From the CEO to the office junior, everyone who uses your CRM needs to be on board and ready to embrace the change. This means being not only technically competent, but also emotionally invested – in other words, as well as the ‘how’ they need to also understand the ‘why’.
Successful user adoption is a long term play: there’s no quick fix. It starts at the very beginning of the project, builds throughout the implementation process and requires ongoing maintenance post-rollout. Here are five valuable techniques which will help you support your users along their journey – and ensure no one is left behind.
1. Show users how it will make their lives easier.
Communicating the value of your new system is essential. You need to educate your users not just on why CRM matters to the business, but why it matters to them. We call this the WIIFM (What’s In It For Me?) effect.
One way to do this is by meeting with users to showcase the value of the CRM system. In this meeting you should:
- Share the strategic vision and make sure users know the big picture ‘why’ behind the decision.
- If you’re already past the initial rollout phase, evaluate how they’re using the system currently and suggest ways to expand usage.
- Highlight the specific benefits of the CRM. Make it relatable and relevant.
- Take advantage of tools and resources provided by your CRM partner. Training is critical to a successful rollout and boosts user confidence.
- Get the right trainer – someone who can speak to the value and not just how to use it. Messaging is critical for quality adoption with users.
- Use specific use cases and examples to show how the new system will help users perform their jobs better.
- Keep it simple. Introduce functionality in phases, starting with features that will immediately empower users.
- Emphasize the WIIFM story. Consider an internal marketing initiative to ensure users understand the benefit and value they will get with CRM adoption.
2. Recognise and reward users for successful usage.
Most people are naturally resistant to enforced change, but incentivisation is a powerful tool. Get creative and make it fun for your users to want to adopt the system:
- Provide rewards as a way to reinforce their adoption, such as points or small gift cards for completing certain tasks.
- Incorporate gamification and create a friendly competition. Motivate users with a leaderboard and point system to make it more rewarding.
- Offer peer recognition via team meetings or social media: public acknowledgment is a powerful motivator.
3. Identify and empower internal champions
Users who see the value of CRM and adopt it successfully are more likely to share their positive experiences with others – so recruiting these influential users as CRM champions can be a highly effective technique.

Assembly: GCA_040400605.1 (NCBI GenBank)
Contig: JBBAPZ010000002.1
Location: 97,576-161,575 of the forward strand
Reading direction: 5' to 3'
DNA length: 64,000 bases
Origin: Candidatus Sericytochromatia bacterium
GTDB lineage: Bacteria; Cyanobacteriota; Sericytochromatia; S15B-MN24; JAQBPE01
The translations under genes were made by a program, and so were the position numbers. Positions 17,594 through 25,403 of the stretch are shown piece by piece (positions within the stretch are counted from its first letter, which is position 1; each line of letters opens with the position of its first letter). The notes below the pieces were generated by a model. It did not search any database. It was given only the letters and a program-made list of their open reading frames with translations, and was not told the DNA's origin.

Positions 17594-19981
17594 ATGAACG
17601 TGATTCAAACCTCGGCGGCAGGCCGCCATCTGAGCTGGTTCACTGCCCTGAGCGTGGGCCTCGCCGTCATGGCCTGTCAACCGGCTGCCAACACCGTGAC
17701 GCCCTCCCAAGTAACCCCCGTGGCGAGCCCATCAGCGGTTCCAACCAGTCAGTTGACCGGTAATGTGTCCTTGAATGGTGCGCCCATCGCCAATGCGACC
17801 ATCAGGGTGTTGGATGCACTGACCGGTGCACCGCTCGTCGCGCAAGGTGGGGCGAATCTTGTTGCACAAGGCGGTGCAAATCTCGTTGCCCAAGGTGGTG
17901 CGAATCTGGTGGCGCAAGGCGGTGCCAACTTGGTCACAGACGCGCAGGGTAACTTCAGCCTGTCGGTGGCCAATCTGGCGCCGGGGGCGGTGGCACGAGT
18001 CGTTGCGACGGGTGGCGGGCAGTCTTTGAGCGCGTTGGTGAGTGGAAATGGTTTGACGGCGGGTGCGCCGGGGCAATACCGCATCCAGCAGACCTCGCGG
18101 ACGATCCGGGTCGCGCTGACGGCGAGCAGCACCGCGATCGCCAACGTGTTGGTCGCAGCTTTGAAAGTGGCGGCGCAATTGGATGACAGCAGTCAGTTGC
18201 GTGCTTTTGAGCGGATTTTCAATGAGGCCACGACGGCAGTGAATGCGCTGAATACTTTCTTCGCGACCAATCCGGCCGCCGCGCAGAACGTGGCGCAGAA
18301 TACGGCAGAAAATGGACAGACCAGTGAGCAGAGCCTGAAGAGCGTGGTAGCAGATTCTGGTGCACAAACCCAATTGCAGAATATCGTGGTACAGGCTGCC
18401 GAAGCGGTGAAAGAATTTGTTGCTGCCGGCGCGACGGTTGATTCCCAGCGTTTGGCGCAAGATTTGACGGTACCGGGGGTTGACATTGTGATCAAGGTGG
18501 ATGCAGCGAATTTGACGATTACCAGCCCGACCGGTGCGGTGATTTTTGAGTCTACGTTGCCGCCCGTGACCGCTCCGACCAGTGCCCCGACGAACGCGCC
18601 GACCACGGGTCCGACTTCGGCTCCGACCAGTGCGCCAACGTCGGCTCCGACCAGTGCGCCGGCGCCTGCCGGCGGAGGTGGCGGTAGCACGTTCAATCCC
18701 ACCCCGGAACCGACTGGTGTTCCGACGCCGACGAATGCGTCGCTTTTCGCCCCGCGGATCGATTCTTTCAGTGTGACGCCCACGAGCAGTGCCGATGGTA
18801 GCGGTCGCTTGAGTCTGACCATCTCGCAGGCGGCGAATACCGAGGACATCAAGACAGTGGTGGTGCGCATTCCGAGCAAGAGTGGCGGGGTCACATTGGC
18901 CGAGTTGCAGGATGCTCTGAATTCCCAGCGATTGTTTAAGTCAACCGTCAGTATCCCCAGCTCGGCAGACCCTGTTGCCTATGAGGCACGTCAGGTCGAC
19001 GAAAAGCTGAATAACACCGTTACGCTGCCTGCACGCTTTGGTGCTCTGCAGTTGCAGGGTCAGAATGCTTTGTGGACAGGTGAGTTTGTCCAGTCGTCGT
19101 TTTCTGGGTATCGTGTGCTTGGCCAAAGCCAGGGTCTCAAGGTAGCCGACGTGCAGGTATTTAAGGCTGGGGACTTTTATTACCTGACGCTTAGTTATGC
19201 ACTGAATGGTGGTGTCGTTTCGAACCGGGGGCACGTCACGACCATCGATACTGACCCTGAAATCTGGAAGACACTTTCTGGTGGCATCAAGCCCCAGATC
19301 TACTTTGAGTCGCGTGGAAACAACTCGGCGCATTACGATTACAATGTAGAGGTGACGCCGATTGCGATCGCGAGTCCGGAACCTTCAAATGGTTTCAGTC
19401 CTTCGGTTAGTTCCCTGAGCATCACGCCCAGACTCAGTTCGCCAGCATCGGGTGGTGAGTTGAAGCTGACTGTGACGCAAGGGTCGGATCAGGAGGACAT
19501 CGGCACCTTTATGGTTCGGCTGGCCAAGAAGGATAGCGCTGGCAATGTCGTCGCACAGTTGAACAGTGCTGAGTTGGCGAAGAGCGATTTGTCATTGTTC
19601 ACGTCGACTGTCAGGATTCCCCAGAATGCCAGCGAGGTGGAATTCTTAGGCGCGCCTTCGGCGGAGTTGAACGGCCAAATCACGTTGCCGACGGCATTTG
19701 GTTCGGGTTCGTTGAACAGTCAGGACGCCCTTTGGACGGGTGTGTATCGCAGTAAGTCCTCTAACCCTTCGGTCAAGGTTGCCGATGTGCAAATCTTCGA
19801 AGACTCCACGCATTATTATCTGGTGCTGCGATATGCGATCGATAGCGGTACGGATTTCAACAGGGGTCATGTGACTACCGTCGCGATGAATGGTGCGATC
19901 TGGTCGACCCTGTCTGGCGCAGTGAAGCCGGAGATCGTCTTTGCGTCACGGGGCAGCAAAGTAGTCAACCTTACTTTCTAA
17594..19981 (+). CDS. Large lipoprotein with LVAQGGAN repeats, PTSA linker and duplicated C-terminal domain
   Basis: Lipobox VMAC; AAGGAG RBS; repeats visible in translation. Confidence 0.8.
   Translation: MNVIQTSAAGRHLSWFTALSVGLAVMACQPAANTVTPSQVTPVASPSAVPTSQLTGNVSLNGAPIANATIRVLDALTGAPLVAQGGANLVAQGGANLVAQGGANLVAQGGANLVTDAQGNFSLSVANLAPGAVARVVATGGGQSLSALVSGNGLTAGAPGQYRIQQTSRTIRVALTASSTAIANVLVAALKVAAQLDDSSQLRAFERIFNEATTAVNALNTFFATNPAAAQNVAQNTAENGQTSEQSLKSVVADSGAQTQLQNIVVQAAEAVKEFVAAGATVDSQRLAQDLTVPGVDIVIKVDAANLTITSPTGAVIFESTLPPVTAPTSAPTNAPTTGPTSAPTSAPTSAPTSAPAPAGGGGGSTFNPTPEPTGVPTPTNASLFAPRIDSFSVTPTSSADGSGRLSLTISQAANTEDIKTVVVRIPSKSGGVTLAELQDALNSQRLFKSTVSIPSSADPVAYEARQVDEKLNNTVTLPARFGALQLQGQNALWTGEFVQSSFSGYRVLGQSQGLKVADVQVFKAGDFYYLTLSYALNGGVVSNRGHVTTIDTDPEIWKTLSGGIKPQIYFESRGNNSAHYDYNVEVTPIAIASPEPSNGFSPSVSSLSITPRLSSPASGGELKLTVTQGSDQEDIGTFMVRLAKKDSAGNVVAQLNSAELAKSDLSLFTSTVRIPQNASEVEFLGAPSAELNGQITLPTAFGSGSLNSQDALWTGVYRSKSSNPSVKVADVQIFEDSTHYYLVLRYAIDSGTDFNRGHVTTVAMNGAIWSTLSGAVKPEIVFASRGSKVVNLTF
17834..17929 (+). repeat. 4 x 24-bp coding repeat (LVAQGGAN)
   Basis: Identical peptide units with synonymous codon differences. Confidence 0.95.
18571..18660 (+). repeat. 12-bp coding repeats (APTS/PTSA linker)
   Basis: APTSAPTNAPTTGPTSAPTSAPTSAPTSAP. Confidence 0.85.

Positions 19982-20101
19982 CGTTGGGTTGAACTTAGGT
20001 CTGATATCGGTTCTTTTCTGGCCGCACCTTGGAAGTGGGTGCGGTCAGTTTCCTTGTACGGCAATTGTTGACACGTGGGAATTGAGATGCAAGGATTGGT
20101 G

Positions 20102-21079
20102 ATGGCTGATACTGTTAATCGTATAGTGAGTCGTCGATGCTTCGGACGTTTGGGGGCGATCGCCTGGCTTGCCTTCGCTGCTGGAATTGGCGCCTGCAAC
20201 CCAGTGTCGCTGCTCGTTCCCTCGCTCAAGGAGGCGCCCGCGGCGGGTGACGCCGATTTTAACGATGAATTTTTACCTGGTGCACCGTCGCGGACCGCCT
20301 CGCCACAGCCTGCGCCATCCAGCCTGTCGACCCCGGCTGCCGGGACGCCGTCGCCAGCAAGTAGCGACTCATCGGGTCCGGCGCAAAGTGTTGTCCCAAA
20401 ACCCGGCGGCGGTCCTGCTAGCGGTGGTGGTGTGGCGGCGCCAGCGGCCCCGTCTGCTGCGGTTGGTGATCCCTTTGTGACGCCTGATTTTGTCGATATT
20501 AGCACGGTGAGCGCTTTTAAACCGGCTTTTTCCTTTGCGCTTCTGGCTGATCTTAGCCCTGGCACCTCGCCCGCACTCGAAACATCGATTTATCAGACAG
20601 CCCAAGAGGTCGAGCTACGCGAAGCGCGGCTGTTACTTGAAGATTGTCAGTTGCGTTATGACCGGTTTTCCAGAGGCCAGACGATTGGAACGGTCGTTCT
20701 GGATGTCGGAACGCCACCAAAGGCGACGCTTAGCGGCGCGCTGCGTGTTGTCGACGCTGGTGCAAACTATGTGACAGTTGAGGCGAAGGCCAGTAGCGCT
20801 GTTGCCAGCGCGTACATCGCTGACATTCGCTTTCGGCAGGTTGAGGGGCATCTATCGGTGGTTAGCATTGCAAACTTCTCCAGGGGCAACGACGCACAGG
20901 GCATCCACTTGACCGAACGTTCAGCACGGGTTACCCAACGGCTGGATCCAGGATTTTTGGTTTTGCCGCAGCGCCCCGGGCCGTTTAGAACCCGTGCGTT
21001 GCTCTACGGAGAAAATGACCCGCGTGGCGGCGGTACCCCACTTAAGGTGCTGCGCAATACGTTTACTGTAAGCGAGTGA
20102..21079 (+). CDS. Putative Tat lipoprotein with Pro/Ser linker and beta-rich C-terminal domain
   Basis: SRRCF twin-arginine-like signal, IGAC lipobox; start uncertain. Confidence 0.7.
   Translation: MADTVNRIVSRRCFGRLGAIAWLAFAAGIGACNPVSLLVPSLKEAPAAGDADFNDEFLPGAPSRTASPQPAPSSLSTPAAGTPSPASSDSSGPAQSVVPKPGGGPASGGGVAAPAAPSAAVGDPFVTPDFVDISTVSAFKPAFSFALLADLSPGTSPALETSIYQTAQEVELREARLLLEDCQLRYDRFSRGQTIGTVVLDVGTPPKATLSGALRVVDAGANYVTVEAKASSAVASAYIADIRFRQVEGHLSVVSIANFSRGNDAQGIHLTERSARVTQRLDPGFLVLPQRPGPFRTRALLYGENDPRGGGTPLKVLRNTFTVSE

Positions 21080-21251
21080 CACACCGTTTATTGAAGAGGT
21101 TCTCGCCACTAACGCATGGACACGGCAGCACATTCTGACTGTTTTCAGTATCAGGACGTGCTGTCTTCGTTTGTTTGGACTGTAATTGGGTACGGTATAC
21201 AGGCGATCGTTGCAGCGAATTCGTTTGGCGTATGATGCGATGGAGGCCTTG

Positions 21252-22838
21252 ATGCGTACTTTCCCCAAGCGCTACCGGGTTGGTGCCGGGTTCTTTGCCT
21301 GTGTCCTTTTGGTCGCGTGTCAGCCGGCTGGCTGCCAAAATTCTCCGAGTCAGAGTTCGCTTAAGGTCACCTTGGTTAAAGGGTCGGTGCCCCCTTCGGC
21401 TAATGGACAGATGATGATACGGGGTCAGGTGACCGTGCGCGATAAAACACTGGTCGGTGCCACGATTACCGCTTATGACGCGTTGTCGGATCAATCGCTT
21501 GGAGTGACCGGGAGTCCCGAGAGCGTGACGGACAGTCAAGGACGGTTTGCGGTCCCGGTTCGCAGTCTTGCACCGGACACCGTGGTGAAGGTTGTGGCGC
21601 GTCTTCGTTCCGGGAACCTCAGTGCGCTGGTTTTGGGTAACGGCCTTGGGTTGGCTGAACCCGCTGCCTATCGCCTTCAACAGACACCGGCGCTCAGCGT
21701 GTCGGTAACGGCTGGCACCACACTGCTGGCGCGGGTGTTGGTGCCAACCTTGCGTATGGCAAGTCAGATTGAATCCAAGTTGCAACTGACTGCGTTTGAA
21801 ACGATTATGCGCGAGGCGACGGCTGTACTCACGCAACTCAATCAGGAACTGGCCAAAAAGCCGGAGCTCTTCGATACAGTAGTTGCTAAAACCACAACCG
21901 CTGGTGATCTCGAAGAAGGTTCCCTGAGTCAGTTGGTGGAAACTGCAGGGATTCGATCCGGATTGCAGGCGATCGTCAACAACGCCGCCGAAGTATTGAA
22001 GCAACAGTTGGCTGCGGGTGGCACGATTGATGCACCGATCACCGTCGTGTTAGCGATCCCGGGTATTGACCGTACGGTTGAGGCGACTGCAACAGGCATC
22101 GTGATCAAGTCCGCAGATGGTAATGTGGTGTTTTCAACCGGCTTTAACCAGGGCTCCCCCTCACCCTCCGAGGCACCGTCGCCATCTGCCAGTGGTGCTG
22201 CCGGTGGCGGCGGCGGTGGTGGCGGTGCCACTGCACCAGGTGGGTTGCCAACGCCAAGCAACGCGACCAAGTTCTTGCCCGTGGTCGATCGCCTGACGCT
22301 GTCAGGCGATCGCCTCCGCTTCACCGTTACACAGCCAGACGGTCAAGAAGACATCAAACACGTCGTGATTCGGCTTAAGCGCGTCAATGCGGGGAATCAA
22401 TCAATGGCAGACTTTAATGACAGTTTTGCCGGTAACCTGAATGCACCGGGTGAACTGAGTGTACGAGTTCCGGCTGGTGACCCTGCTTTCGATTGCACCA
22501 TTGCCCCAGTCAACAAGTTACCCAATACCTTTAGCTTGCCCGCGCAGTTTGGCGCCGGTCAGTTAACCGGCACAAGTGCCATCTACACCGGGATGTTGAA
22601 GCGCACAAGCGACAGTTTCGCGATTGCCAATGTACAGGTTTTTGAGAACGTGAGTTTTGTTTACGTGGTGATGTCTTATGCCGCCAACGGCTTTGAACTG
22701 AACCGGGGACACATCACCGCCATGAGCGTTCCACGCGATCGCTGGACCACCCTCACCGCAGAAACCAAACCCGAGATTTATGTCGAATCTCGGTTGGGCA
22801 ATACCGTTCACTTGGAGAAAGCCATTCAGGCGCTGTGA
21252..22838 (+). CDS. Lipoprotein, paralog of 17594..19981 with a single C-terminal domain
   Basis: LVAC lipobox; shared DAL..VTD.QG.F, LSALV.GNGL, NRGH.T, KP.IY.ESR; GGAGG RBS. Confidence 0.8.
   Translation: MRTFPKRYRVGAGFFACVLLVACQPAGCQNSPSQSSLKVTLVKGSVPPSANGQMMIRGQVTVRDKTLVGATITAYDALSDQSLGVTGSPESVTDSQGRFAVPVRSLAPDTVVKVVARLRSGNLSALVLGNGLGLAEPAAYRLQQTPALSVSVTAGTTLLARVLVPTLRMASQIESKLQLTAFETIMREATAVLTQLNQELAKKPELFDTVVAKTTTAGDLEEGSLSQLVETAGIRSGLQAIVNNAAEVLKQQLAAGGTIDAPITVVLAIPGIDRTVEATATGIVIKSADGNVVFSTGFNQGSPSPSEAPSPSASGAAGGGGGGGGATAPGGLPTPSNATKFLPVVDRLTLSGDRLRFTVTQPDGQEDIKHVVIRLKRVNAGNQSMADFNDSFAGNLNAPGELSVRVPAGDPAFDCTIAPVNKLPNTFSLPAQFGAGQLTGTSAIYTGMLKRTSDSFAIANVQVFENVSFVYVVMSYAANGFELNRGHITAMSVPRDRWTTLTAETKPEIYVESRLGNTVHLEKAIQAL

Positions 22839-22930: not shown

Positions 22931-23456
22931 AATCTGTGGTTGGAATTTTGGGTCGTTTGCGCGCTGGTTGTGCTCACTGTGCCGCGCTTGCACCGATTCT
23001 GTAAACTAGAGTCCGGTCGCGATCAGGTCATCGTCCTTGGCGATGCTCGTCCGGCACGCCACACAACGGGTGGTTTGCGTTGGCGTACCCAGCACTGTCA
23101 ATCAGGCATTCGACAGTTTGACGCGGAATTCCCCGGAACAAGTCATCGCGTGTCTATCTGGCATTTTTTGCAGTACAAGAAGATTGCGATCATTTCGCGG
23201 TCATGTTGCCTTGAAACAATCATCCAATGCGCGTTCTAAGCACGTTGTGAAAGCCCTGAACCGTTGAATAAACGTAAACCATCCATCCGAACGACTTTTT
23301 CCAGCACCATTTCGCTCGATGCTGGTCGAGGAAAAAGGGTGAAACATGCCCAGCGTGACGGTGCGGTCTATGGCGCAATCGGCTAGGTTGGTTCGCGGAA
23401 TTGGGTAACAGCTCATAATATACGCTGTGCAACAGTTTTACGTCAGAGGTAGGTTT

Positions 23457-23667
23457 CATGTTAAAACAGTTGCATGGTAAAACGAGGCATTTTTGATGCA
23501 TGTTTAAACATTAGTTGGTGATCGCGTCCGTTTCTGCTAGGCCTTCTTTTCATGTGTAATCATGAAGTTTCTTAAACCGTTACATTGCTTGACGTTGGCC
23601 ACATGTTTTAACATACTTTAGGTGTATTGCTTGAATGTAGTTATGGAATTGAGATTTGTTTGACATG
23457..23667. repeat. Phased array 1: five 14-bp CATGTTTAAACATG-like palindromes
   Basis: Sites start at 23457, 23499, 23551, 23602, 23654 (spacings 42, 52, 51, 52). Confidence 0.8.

Look for people with the following characteristics:
- Positive demeanor and the trust of their colleagues
- Supports the usage of CRM to their team
- Asks for feedback and ways to improve the CRM experience
- Eager to learn about the CRM and use creative ways to make it relevant to daily usage
Once you’ve found them, the next step is to empower your champions and their followers by providing a variety of group training methods. This might include live training, written documentation or recorded videos.
4. Devise a change management plan to handle pushback
When you’re implementing a new system, pushback is inevitable. Some of the most common reasons users resist the change are:
- Inadequate user training and communications
- Lack of investment because they weren’t engaged in the decision-making process
- Product functionality is not as expected
- Lack of internal champion to advocate positive adoption
To mitigate these potential issues, make sure your change management plan covers off the following actions:
- Engage users early for both feedback and evangelism. Poll users afterwards for continuous feedback.
- Establish implementation as a program. Develop a project plan for progressive implementation with reasonable milestones leading up to a launch event.
- Customize training materials and develop gamification during onboarding to make it fun.
- Conduct listening sessions to document feedback from users and provide this to your implementation partner for enhancements and usability improvements.
- Involve executive leadership support and make sure they are across the messaging.
- Establish a program to reward users with high usage and effective adoption.
5. Play the long game
Even if initial adoption is high, remember that things can always change. Your long term goal should be to keep users committed to CRM usage and consistently engaged with the system on a long term basis – and to do this, you need happy users.
Continue to monitor adoption and usage and maintain user satisfaction levels by:
- Tracking the right metrics such as user logins and granular usage metrics.
- Evaluating product functionality and usability to ensure it’s meeting the business needs.
- Being proactive: offer continuous education and keep the feedback conversation open.
- Thanking and recognizing users for their efforts.
Whatever stage you’re at in your CRM journey, having a user adoption plan is essential to success. If you’d like to know more about how you can better engage and train your users, your implementation partner is a good place to start. Contact us on firstname.lastname@example.org to find out how we can help your users embrace the change.